© 2019 Washington Square Outdoor Art Exhibit

Web Design and Photography By: Rebecca MB. Pearson Photography

All Rights Reserved



For Inquiries Contact: John DiBiase, Executive Director

212.982.6255 or email: jrm.wsoae@gmail.com

 

It all began...

... one balmy spring day in 1931, in the midst of the Depression Era. Jackson Pollock, desperately in need of funds to pay the rent on his Greenwich Village studio that also served as his home, took a few of his iconoclastic paintings down several flights of stairs and set them up on the sidewalk near Washington Square Park. His friend and fellow Village artist, Willem DeKooning, in equally desperate financial straits, soon joined him.

It is not known how many works of art, whose values would soon skyrocket, they sold that day. However, their enterprise was noted by some public-spirited citizens, including such luminaries of the art world as Gertrude Vanderbilt Whitney, founder of the Whitney Museum of Art, and Alfred H. Barr, Jr., Director of the Museum of Modern Art.



They organized the art show that would evolve into the Washington Square Outdoor Art Exhibit, a twice-a-year happening, every Memorial Day Weekend and the weekend that follows, and every Labor Day Weekend and the weekend that follows.


Early exhibitors were Village artists Alice Neel, Saul Berman and Ilya Bolotowski. Beauford Delaney trekked down from Harlem. It is now a showcase for artists regionally, nationwide, and around the world, and is attended by art lovers from all over the world.



Among the milestones that mark its more than 80 years are the concept of the artists being selected as exhibitors by a jury of fellow artists, based on slides of their work being submitted; the abolishing of an early ban on nudes; the opening of the show to photography as an art form; and the recognition of crafts, provided each piece is one-of-a-kind and hand-made.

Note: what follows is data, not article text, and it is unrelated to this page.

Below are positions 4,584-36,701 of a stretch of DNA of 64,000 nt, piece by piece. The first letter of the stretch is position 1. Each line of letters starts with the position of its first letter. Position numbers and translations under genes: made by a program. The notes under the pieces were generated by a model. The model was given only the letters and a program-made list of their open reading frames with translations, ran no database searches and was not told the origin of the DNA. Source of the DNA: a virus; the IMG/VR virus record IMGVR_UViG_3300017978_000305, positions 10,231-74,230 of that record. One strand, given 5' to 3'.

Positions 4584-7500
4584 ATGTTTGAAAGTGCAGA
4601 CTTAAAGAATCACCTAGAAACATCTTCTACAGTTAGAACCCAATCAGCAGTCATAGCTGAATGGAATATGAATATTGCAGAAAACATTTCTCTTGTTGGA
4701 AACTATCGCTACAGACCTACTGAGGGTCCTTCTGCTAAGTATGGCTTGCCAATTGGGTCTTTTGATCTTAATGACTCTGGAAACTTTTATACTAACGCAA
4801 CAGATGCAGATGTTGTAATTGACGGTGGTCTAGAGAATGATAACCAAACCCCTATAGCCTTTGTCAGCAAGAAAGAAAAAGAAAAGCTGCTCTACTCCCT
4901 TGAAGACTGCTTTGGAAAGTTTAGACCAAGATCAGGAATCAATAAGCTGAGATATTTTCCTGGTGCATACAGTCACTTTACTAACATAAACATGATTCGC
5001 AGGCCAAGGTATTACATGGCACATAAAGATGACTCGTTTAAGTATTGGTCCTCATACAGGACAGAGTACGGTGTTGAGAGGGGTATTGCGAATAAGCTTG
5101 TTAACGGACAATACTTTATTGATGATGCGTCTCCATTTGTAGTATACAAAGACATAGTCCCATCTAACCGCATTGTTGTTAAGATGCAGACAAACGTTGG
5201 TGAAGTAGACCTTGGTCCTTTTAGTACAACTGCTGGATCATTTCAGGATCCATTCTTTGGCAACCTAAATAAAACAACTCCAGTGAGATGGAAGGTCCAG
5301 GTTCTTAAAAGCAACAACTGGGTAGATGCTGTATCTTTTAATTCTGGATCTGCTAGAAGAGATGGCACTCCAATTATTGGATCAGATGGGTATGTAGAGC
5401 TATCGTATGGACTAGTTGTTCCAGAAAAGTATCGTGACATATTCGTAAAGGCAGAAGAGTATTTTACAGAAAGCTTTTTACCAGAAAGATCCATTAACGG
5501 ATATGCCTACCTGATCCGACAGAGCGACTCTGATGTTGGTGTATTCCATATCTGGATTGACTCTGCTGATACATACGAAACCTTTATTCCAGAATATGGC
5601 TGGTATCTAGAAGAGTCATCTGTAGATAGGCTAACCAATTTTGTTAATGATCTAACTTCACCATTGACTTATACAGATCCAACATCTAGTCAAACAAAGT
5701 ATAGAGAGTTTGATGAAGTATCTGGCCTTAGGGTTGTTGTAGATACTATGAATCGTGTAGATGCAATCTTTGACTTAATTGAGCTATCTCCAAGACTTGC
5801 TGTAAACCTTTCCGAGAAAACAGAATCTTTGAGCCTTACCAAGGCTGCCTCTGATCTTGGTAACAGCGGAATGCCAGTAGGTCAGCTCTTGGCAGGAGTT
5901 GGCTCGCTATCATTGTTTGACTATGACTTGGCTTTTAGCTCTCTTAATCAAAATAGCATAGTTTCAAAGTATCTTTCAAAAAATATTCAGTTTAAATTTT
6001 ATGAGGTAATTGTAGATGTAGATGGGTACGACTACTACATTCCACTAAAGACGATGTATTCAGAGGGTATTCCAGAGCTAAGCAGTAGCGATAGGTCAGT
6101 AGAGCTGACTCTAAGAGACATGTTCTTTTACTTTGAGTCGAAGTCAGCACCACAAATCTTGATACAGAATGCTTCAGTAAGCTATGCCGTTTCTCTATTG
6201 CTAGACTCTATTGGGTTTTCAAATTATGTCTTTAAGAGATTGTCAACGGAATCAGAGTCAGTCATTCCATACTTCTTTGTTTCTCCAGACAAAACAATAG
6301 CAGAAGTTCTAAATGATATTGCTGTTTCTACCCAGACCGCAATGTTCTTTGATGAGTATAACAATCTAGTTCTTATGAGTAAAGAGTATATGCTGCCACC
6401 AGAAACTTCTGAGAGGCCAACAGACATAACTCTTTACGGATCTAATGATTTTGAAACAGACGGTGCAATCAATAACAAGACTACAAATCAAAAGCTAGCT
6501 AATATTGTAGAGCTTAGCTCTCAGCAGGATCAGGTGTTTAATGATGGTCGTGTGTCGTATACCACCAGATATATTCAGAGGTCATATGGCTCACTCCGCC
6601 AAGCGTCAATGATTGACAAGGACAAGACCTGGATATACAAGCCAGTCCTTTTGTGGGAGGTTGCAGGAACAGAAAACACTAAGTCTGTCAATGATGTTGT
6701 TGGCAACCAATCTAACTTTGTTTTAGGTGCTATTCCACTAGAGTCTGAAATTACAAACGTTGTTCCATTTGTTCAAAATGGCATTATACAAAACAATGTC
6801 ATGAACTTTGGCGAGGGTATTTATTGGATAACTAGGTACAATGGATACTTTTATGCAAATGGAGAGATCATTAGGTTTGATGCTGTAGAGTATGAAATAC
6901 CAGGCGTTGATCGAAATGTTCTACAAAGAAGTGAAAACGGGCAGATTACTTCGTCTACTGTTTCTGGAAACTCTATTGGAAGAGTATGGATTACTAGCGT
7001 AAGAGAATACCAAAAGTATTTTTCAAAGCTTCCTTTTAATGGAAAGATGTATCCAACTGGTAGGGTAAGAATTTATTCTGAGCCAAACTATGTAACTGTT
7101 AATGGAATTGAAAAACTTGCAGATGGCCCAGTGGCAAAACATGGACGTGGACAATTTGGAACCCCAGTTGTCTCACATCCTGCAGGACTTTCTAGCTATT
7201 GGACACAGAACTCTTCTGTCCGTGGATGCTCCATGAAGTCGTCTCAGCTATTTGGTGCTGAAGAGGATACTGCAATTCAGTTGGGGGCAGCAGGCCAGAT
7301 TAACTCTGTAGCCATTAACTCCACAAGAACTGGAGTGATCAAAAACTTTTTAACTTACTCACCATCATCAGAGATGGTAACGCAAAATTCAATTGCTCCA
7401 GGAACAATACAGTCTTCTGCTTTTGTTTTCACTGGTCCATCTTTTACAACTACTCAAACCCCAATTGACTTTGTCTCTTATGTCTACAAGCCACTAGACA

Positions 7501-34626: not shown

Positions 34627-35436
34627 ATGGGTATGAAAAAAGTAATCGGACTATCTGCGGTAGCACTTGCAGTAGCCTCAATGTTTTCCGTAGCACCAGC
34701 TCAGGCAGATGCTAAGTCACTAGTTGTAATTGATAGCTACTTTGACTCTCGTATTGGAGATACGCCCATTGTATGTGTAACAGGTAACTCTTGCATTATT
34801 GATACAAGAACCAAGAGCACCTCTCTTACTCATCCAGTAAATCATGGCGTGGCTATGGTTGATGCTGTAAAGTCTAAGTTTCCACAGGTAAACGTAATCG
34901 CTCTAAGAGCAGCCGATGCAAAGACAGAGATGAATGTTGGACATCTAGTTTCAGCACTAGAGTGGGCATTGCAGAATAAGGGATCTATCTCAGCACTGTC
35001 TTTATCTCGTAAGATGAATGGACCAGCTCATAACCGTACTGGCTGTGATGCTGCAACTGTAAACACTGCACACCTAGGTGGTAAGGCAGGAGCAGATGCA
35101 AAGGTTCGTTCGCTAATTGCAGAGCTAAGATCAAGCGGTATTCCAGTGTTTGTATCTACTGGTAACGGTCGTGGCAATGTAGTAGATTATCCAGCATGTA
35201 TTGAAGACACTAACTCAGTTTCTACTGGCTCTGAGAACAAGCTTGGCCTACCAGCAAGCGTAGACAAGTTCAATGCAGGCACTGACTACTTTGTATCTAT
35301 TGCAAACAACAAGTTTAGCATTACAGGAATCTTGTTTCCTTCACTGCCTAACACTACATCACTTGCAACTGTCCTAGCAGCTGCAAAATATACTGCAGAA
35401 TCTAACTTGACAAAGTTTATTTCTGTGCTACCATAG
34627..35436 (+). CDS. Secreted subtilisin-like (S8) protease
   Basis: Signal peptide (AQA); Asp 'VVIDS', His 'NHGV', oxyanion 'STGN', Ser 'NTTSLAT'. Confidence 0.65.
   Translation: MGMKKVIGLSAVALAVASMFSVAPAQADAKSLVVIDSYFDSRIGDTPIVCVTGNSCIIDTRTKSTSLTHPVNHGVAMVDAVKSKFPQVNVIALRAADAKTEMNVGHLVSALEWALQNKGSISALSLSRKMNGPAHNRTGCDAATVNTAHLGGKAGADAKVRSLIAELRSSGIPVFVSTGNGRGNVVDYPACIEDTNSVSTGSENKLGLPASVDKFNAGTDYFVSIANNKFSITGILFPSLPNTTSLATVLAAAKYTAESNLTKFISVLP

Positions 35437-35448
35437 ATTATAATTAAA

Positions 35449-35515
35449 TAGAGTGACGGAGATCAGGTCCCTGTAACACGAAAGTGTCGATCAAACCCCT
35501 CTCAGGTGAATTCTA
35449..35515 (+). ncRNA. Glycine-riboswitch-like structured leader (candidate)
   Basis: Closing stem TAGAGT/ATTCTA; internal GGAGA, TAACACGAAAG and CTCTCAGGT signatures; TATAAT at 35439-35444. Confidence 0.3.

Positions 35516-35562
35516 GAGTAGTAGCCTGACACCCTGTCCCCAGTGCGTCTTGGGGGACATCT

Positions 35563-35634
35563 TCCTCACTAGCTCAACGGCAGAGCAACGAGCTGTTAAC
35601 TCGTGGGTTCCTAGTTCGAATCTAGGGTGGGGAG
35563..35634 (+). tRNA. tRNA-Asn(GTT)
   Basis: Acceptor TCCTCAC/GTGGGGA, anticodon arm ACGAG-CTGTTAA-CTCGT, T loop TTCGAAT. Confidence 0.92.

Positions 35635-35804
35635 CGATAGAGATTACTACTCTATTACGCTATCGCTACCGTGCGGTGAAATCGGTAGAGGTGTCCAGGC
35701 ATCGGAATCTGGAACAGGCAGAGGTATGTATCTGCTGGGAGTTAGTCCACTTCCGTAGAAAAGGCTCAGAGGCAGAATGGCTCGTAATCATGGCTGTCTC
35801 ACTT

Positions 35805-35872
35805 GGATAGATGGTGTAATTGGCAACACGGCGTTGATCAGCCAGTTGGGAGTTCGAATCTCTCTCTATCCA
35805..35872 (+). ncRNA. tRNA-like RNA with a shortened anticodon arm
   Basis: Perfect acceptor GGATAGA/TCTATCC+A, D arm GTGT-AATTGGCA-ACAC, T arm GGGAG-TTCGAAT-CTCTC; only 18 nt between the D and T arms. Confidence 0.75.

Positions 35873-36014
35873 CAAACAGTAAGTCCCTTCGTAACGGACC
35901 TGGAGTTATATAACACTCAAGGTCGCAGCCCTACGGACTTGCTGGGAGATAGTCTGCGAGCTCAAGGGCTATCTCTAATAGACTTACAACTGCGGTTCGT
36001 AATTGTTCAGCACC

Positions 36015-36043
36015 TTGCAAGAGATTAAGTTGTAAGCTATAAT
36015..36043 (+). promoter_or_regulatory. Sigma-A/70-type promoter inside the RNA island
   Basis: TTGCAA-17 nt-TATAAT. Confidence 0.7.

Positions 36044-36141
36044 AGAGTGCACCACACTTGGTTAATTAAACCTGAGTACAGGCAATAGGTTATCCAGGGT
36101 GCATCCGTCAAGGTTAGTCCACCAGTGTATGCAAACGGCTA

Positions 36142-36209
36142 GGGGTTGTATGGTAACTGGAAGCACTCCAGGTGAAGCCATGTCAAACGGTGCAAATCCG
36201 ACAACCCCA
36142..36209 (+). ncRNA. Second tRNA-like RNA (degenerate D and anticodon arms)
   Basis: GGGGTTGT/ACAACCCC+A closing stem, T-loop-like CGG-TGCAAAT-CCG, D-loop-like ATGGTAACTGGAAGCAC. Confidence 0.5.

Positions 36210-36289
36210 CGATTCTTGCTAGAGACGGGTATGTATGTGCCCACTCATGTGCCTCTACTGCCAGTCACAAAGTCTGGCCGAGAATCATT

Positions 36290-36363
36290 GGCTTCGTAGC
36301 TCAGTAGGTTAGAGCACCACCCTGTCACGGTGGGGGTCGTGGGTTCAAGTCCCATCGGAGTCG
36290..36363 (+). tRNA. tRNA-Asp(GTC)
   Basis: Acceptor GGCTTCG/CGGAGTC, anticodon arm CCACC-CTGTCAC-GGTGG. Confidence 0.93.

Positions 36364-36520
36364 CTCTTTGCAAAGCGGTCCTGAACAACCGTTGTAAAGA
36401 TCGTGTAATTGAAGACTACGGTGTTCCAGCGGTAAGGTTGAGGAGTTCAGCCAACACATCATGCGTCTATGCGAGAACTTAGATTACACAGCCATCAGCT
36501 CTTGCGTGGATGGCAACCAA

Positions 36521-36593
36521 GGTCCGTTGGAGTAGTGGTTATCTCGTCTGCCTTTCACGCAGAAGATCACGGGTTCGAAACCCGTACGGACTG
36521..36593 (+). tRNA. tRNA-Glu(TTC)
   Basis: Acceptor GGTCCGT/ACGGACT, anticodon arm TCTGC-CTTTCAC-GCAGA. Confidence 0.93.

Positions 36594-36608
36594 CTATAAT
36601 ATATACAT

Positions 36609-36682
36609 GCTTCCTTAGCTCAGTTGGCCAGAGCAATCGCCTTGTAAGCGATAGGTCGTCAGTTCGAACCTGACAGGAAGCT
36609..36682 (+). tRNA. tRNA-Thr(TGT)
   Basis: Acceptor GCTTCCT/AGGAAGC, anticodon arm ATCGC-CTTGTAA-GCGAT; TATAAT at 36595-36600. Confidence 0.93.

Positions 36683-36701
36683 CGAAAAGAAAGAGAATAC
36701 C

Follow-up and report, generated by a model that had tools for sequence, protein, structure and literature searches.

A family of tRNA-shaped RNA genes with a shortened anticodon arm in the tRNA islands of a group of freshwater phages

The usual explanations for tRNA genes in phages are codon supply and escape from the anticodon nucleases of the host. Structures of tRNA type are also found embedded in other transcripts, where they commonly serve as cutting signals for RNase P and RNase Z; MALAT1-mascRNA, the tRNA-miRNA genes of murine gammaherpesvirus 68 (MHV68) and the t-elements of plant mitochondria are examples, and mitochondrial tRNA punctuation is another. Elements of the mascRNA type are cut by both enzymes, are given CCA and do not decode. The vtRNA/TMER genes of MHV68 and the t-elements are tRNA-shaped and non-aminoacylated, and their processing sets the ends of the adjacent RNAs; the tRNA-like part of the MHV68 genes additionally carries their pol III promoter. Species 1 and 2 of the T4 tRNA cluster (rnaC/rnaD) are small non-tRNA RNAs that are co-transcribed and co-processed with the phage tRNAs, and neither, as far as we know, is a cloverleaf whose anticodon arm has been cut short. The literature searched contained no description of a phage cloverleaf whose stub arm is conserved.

Cash prizes, donated by individuals, organizations and corporations, are awarded in various categories based on selection by artist-judges.

The Arch in Washington Square Park by Sonia Grineva. Ms. Grineva received her B.A. and M.F.A. from the Stroganov Institute in Moscow and later studied at New York’s  National Academy of Design and the British Institute in Florence, Italy.

“I Colori dell’Anima” is available through the artist at grinevaart.com

Read more about us in The Brooklyn Rail

Officers

Carl F. Lebowitz

Chairman and President

 

Priscilla McCarthy

Vice President

 

Ann DiBiase

Treasurer

 

Paul Stockschlaeder

Parliamentarian

 

John DiBiase

Executive Director

WSOAE thanks the generosity of its corporate sponsors
The WSOAE Board mourns the passing of their fellow member and Treasurer, Mary Stockschlaeder

Mary was smart, generous and loyal, and her contributions to the WSOAE were many. As treasurer, she looked after our finances. As a member, she shared her ideas and gave her support to the ideas of others when she thought them worthy. She never failed to volunteer to cover the information table. On the Jury Assistance Committee, Mary joined those working at the desk on Saturday mornings of the show logging in exhibitors' entries, and carrying and sorting the work. She then would be one of the last to leave on Saturday, after she had recorded the award winners with her beautiful penmanship. Most of all, she was a lovely lady whom we all will greatly miss.

Board of Directors and Membership

John DiBiase • Natalie M. Ballin • Elizabeth Forrest

Carl F. Lebowitz • Priscilla McCarthy • Ann DiBiase

Eloise Morehouse • Rebecca Pearson

Thomas Picard • Roger Rossi

Catherine C. Ruby • Leonia L. Sagasta

Marlene Schiller • Paul

Stockschlaeder • Bonnie Yousuf

Carole Teller • Ilene Skeen